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Today's Opinions

  • Gary Johnson’s PR doesn’t match his track record

    And he’s back.

    Former Gov. Gary Johnson resurfaced as the Libertarian Party candidate in the Senate race, hoping to slow incumbent Sen. Martin Heinrich’s sprint to the finish line.

    Johnson always jazzes things up, and his willingness to share his thoughts frankly is refreshing. But he also causes amnesia about who he is, what he’s done, and what he believes.

    The commotion straight out of the chute was typical. Johnson supporters tried to pressure Republican candidate Mick Rich to leave the race so Johnson would have a better chance, as if a Libertarian platform is interchangeable with a Republican platform. It’s not. And Rich has a right to run his own race representing Republicans.

    Libertarians may include refugees of the two major parties, but they aren’t just a meld of those parties – they have distinctive beliefs that may or may not resonate with yours.

  • Prison reform bill needs to to be rescued, broadened

    The Post and Courier of Charleston, South Carolina, published this editorial Aug. 28 on prison reform programs.

    A prison reform bill that passed the House with a strong bipartisan majority is slowly dying in the Senate. It must be rescued and broadened.

    The First Step Act focuses on ways to help federal prisoners prepare for a productive life once they leave prison and to support them in their search for employment.

    It is a thoughtful attempt to break the destructive cycle that results in more than half of federal prisoners returning to prison within a few years after their first release. Pilot programs have shown that recidivism can be sharply reduced by providing such support.

    The lone problem with the First Step Act is that it addresses only the 225,000 inhabitants of federal prisons. That is just 15 percent of the nation’s prison population. The bill doesn’t help the far more numerous inmates transitioning from state prisons and local jails. It should provide states with grants to encourage the establishment of similar prison-to-society assistance programs.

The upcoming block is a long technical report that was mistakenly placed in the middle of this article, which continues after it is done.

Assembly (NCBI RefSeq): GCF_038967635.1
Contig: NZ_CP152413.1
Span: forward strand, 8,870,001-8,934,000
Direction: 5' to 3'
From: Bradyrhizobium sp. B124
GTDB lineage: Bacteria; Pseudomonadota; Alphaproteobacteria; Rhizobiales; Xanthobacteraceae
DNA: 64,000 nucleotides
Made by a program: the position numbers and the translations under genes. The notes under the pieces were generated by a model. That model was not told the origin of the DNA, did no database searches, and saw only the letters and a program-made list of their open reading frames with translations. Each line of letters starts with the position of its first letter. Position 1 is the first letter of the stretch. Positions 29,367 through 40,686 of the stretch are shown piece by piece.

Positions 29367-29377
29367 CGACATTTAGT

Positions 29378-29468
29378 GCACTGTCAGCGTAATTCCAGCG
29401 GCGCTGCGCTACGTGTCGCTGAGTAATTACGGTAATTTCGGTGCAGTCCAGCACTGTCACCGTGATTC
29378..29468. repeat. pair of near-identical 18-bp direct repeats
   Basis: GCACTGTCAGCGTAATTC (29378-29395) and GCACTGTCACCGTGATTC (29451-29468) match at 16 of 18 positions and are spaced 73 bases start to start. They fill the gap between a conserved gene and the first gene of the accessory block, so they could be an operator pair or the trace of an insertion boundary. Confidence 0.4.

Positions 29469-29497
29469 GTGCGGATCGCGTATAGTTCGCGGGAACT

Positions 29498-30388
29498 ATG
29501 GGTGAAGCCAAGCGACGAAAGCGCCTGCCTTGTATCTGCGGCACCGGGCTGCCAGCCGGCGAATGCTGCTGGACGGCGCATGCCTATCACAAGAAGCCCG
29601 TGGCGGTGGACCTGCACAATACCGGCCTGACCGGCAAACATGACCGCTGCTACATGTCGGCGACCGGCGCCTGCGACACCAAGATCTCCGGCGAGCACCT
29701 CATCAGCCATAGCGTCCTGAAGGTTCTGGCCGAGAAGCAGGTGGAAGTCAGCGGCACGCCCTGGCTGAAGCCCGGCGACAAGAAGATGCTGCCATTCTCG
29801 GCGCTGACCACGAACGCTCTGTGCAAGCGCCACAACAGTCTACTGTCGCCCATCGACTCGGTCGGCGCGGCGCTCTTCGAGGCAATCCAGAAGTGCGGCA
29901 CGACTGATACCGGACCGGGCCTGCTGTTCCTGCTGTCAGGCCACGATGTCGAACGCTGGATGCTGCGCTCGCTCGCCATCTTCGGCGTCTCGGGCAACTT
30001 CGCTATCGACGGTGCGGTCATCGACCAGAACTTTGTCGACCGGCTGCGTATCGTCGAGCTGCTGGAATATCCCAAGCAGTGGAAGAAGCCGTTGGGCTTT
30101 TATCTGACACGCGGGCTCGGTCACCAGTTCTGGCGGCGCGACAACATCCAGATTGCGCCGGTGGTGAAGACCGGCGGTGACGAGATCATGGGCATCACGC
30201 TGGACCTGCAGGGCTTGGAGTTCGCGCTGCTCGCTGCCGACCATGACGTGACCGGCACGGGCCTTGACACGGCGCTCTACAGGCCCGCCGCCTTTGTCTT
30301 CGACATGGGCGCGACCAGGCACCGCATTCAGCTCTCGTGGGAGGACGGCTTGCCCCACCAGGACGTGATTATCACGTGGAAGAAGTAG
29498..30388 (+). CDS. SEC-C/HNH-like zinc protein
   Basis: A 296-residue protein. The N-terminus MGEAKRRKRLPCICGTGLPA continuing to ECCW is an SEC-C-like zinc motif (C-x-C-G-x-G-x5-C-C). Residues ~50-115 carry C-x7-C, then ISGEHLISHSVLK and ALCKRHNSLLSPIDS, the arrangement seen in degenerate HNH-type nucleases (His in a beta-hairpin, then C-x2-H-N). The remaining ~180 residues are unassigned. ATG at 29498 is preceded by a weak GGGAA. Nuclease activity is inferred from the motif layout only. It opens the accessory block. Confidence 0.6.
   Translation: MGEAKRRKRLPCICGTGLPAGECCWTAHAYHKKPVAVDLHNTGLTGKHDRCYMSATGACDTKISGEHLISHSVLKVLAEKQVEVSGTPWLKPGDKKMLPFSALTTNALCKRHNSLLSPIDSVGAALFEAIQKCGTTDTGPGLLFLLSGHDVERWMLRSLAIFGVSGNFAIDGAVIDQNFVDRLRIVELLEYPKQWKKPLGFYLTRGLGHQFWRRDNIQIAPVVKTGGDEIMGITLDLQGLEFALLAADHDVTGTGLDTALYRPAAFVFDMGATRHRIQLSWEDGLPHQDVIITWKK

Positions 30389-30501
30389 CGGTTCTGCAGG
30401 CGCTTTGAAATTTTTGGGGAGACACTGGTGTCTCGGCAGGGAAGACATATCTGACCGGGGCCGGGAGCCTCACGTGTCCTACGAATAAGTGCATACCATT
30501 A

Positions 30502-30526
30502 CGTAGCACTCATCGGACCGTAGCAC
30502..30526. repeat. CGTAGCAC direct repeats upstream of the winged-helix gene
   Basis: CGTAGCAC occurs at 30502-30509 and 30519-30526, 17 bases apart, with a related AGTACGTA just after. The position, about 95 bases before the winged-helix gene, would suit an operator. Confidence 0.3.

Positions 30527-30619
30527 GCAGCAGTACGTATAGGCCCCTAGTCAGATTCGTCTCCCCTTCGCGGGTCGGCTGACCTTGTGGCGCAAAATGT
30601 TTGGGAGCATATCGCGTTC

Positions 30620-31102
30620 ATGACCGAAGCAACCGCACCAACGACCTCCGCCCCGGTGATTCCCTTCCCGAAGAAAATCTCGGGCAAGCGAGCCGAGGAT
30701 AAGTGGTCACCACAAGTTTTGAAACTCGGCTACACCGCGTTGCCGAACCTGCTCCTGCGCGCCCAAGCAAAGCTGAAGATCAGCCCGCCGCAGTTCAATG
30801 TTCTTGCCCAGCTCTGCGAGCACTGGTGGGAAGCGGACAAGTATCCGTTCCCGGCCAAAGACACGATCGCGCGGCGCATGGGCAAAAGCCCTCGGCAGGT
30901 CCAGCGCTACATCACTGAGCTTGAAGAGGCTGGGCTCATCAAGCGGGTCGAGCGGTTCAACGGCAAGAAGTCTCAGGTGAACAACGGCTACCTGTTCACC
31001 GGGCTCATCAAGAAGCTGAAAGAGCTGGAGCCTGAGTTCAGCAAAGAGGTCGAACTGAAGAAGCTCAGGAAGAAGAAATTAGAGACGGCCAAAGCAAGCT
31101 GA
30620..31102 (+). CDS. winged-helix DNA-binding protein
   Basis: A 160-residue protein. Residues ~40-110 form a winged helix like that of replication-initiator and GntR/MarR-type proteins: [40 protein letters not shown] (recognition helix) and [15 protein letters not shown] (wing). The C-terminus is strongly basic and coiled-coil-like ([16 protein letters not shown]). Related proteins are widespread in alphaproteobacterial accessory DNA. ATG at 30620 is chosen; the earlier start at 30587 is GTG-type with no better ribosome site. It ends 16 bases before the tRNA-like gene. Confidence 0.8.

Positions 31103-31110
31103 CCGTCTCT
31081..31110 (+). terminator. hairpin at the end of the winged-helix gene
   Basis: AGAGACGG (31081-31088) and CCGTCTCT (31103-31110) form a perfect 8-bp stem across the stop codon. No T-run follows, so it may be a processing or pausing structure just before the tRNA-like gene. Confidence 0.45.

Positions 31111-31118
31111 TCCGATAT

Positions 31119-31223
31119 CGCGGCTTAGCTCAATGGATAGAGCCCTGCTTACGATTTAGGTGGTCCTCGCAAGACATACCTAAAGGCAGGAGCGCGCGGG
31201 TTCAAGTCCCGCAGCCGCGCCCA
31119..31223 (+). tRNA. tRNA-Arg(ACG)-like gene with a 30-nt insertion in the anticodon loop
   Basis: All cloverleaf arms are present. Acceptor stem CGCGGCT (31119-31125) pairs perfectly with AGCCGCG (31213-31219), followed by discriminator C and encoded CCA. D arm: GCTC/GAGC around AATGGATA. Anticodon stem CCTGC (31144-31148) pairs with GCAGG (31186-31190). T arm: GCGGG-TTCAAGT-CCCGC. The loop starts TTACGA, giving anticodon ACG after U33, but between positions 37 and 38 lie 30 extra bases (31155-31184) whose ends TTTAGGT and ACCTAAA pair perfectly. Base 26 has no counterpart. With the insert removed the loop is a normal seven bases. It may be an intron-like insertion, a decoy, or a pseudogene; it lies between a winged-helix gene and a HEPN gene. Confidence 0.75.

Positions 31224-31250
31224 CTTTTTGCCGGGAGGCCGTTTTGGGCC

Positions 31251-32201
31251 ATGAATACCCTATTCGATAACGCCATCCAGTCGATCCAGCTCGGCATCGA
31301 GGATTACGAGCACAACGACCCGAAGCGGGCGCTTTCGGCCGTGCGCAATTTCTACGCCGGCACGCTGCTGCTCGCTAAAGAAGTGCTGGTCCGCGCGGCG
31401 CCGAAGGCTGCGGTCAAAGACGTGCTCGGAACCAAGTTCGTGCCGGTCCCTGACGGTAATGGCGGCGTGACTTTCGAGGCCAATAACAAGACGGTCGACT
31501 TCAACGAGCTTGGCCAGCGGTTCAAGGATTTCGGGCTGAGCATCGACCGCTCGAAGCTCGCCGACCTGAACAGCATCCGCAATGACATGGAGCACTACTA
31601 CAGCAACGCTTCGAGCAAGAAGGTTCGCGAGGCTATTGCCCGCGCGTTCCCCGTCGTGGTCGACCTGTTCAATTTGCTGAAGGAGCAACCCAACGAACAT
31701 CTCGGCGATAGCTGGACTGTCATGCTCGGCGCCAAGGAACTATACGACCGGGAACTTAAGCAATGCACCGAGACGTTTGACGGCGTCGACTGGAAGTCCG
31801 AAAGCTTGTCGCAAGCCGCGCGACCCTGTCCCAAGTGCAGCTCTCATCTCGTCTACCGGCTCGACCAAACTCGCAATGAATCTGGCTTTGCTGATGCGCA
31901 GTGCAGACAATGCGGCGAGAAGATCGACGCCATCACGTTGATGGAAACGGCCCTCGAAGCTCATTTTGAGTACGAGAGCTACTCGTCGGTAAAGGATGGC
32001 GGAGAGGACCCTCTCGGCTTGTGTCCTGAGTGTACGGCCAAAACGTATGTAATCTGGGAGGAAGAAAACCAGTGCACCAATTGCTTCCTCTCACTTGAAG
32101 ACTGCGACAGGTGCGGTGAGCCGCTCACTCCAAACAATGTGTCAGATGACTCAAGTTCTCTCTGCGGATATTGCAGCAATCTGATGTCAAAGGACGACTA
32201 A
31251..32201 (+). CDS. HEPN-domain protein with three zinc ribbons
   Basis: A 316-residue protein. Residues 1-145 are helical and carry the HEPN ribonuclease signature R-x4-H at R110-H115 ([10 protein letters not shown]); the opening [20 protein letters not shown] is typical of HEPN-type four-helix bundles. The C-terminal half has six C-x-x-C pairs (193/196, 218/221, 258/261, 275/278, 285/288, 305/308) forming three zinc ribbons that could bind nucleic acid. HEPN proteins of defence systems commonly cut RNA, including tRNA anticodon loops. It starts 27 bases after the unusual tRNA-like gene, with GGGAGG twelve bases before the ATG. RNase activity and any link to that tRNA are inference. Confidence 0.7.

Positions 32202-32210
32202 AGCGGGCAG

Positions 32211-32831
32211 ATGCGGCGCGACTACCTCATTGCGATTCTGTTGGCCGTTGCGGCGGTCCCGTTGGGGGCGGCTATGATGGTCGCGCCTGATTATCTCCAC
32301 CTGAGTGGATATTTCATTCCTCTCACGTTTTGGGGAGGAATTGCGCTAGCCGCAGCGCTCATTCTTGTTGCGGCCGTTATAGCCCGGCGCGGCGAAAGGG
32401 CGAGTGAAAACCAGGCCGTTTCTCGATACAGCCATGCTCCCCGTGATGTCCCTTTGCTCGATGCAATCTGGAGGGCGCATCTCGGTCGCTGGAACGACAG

• Ins and outs of immigrants defined the U.S. since 1787

    The legal trails of immigration comprise many parts, to deal with persistent concerns. Since its inception, the nation has dealt with these concerns repeatedly in varying guises and combinations.

    Immigration issues that recur deal with jobs in one way or other and with the nature and quantity of immigrants and new citizens. Laws change as parties change course and populations grow.

    The two parts that are most distinctive are immigration and naturalization. The former refers to living and working here.

    The latter is a path to U.S. citizenship. Only citizens can vote and hold elective office.

    Today, becoming a citizen requires correctly answering six of 10 questions similar to these three:

    • What is one thing Benjamin Franklin is famous for?

    • There are four amendments to the Constitution about who can vote. Describe one of them.

    • Name one war fought by the United States in the 1800s.

    These questions are three of the 100 questions on the U.S. Citizenship and Immigration Services naturalization test. The full list is online at “civics questions for naturalization test.” Take in the stirring naturalization ceremony nearby at Bandelier held every Fourth of July.

  • Defining the role of the county sheriff

    BY CHRIS LUCINI
    Libertarian Candidate, Los Alamos  County Sheriff

    While campaigning for the position of sheriff of Los Alamos County, I’m often asked “What do you see the role of the sheriff to be?” My answer does not fit on a bumper sticker.

    First to be clear, I nor any other person in the office of sheriff gets to decide what the size, scope and powers of the sheriff’s office are. Neither does the county council get to decide that the sheriff’s office can be stripped of all of it’s powers.

    New Mexico state law dictates many of the powers and responsibilities of the county sheriff position, and the obligations of the counties for staffing and funding of the office of sheriff.

    The lawsuit currently before the New Mexico Appellate Court will, in my opinion, ultimately end up before the New Mexico Supreme Court. Once the New Mexico Supreme Court issues a decision, the extent to which the county charter and county council can restrict the office of sheriff will have been decided.

    The rule of law is critically important in society. It is vital that the county council, and the sheriff, abide by the decision of the court, and during the appeals process.

  • Letters to the Editor 8-24-18

    Shin: A transparent and honest voice in government